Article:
There was a return of many disturbing familiar sights for Sunderland at Hull last week, so many in fact and to such a level of annoyance that Steve Bruce's big red pie face barely made the list at all.
There was Lee Cattermole seeing red, for one. There was an inability to build on previous positives. There was the seemingly incurable natural inclination for self-destruction. There was Andre Mariner being a total moron.
But I think the one that stuck with me most was once again seeing Seb Larsson labouring away in the side, apparently in the cast-iron belief that your chances of winning football matches increase incrementally with the amount of pointing performed.
Larsson is a player I have always found myself having a strange kind of outlook toward. In theory he is great. He has a some technical ability, can deliver quality into the box, is versatile, and backs it all up with a truly professional work ethic.
During the week, I have no doubts that he trains as well as anyone. In fact he probably puts many to shame. He is also one of the most defensively and tactically responsible players I have ever seen in a Sunderland shirt, as evidenced by his intelligently executed central midfield/right wing hybrid position against Newcastle.
So it is not difficult to see why manager after manager use the Swede. To be perfectly honest, I'd be tempted to as well, such is how well he stacks up on paper.
But sadly, and much to all of our irritation at the moment, football isn't played on paper, and on grass Larsson rarely offers anything of real tangible value. Doesn't score goals, rarely creates chances, never frightens defenders into dropping off. Never does much of anything when on the ball really.
I know that football, particularly the modern game, is an insular business. Training is sacred, performances painstakingly reduced to intricate statistics and data, and there are inarguable reasons behind why players get in the team - apparently.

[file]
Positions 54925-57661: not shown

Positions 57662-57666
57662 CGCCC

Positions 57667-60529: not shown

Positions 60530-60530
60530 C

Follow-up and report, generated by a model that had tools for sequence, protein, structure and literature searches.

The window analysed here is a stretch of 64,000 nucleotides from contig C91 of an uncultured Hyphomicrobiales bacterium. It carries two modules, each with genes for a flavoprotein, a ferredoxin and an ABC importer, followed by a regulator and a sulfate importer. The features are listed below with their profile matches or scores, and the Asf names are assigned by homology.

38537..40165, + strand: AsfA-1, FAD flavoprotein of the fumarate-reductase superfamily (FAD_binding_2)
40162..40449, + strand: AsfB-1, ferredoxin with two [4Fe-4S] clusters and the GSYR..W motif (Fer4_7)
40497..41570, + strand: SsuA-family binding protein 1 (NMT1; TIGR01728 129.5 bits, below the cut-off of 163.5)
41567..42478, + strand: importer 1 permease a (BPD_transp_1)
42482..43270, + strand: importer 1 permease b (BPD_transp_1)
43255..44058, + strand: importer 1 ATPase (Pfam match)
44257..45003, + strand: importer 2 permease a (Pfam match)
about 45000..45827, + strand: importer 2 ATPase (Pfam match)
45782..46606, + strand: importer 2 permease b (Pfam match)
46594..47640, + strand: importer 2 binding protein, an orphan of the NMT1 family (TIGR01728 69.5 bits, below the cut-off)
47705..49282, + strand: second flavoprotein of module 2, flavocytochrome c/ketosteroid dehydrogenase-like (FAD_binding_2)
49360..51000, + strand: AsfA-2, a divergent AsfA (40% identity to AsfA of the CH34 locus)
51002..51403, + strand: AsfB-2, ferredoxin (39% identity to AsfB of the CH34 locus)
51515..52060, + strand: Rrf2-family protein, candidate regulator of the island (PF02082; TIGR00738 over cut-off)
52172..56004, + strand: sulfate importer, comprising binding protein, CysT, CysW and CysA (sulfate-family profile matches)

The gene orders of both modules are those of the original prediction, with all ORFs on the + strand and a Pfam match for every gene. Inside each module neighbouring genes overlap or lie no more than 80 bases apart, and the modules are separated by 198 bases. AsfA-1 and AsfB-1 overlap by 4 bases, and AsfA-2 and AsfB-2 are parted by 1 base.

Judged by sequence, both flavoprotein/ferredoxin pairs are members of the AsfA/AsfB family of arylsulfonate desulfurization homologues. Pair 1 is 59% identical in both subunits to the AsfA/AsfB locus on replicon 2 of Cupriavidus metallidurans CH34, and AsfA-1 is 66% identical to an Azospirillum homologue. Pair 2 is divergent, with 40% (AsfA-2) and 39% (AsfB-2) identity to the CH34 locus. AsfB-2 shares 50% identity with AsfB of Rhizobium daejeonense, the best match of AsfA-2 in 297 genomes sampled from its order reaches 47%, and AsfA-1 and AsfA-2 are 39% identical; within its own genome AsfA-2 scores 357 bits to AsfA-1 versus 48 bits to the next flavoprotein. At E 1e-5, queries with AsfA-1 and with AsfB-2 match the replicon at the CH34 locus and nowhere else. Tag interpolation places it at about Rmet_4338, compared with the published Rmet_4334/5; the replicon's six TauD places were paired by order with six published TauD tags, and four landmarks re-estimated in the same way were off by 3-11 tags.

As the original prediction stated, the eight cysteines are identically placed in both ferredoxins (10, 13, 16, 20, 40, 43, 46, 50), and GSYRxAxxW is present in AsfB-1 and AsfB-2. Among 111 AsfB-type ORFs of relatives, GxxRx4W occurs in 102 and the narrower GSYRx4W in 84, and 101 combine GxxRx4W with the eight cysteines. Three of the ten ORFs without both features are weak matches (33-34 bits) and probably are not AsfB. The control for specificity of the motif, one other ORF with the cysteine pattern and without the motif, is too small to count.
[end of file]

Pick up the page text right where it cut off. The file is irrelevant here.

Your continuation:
I can accept that in most cases. Granted, I have opinions on players and team selections just like everyone else. I mean it isn't like the Sunderland squad is packed full of top players to choose from. Whether Seb Larsson plays in midfield with his two-speed setting or say, for example, Craig Gardner, who couldn't show any less self-awareness if he went to a science fiction convention and mocked the crowd in immaculate Klingon for being nerds... well that's the very definition of a footballing catch 22 to me.
But when you see a player like Emanuele Giaccherini sitting on the bench, an unused substitute for the last 180 minutes of Premier League football, Seb Larsson scampering around the pitch becomes one of the most demoralising sights I can remember seeing as a Sunderland fan.
This is the same Giaccherini who was signed from the Italian champions and jets off every month, invited to play for one of the top international sides in the world. The same Giaccherini who is Sunderland's top goalscorer this season. The same Giaccherini who was loved by Antonio Conte for his work ethic and versatility and bestowed with the nickname 'the little soldier'.
Frankly, I don't care how well Larsson trains if he can't produce it in the Premier League, and he hasn't for such a long time now. He has become one of the many institutionalised losers at the club. One of the more likeable ones, yes, but still a loser. Like the rest, he has had his chances and done nothing with them.
This summer was supposed to see all that change. It wasn't realistic to expect to see the back of the old guard, but this was the year the reliance upon them was meant to become a thing of the past.
And I think that is why the whole Larsson/Giaccherini situation has got under my skin so much. It isn't a Seb-specific lament. If I was going down that route he isn't the one I'd start with.
But it just seems like a microcosm of what feels like broken promises and failed convictions. This summer there was genuine positivity abound. People were looking forward with smiles on their faces after the influx of arrivals, not because the the names were all that exciting but because they were new.
There was a sense the club was moving on and committing to a new direction - a direction I still personally believe was the right one. But nothing seems to have changed, and nothing shoves that down your throat with more cruelty than being made to watch the same serial losers lose in Sunderland shirts whilst serial winners such as Giaccherini and Ki Sung-Yueng sit in training tops watching from the bench.
I appreciate Poyet's insistence that the best players do not necessarily make for the best team. I am all for the construction of an actual team with an actual identity and an actual system of play. Such a team might actually get some actual points at some point.
But there isn't a soul on earth that will convince me that the obvious few pedigree players we have in the squad have no place in that team. Enough messing about now. Enough looking at the past for solutions.
It is surely time to look to the future instead, and the players who were signed mere months ago to be it. If for nothing else, than for the sake of our sanity.